percent and the seed were planted in the greenhouse in soil
artificially infested with Rhizoctonia. All treatments signifi-
cantly increased germination, but there were no differences
between materials or rates of application.
Results of these tests and observations of commercial plant-
ings show that little or no benefit may be derived from treat-
ing seed of high viability of Stringless Greenpod. However,
benefit may result from treating old seed or seed of certain
susceptible varieties. Spergon at a 0.25 percent dosage or
arasan at a 0.125 percent dosage is recommended. None of the
seed-treating materials caused a reduction in post-emergence
damping-off which is common in many areas of the state.

Garden beet seed have responded well to most seed treatments
which have been tested on them. An exception is spergon,
which reduced the emergence of beet seed treated at the rate
of 2.0 percent when planted in rather dry peat soil. Arasan when
used at rates of 0.25, 0.50 and 1.0 percent, ceresan at 1.0 per-
cent, and cuprocide at 1.5 percent increased the stand of beets
in peat soil by about 100 percent. In other states weak seed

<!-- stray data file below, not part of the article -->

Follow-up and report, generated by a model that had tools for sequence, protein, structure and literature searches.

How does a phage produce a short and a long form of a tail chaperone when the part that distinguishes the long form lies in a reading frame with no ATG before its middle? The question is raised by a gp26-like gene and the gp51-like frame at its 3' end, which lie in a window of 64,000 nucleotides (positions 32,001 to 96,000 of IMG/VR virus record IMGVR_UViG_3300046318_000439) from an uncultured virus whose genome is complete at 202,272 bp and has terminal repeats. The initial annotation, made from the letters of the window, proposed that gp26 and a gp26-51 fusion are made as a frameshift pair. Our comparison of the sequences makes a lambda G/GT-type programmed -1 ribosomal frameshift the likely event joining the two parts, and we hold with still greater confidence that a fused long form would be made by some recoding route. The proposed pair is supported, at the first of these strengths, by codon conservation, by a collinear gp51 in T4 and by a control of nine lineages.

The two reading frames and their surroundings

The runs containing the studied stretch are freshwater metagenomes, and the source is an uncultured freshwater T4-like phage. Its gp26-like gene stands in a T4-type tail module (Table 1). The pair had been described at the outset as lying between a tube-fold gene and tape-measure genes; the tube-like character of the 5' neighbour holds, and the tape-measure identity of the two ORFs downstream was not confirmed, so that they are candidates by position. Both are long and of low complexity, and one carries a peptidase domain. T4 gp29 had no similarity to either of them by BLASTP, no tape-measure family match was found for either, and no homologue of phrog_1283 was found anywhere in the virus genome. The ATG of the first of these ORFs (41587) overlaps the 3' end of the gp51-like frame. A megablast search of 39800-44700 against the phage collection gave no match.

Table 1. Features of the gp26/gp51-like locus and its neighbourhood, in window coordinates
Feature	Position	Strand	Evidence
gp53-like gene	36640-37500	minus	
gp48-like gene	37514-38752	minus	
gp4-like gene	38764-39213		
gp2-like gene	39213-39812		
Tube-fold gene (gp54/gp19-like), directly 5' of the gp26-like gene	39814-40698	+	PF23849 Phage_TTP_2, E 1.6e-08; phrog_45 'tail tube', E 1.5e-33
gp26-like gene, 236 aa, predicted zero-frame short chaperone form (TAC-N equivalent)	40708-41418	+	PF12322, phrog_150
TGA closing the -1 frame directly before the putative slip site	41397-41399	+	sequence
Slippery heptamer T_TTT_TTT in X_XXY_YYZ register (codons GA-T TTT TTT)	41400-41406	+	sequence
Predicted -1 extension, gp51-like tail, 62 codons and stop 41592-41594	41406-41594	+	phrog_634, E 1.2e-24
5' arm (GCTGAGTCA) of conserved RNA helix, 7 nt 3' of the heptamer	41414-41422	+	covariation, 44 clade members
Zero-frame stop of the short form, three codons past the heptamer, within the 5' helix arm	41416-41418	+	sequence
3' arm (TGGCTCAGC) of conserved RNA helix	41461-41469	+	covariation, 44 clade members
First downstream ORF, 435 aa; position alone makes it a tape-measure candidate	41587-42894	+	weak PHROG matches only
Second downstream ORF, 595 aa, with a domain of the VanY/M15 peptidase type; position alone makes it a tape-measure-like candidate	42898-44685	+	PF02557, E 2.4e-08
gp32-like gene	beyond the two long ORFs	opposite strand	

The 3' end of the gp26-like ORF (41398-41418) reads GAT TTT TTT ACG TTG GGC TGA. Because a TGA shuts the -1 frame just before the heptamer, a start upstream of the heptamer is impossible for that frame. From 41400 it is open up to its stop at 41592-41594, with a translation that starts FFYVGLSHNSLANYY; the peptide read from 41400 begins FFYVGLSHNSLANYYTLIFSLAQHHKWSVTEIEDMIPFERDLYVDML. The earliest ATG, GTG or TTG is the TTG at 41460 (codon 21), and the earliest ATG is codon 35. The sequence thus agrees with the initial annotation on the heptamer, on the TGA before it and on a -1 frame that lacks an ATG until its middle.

lots have shown greater response to seed protectants than seeds
of high viability. The treatment with arasan at 0.50 percent
is recommended for beets. Ceresan may be used if desired.

Florida Agricultural Experiment Station

No seed-treatment tests were performed with broccoli in
connection with this work, but since seed of this crop have been
found to respond to seed treatments in other states in a manner
similar to cabbage, it appears that the same would hold true
in Florida. Consequently, arasan at a dosage of 0.25 percent
or semesan at a 0.35 percent dosage is recommended.

This crop has been found to respond to seed treatments in a
manner similar to cabbage and other members of the mustard
family, and arasan at 0.25 percent or semesan at 0.35 percent
is recommended where treatment appears advisable.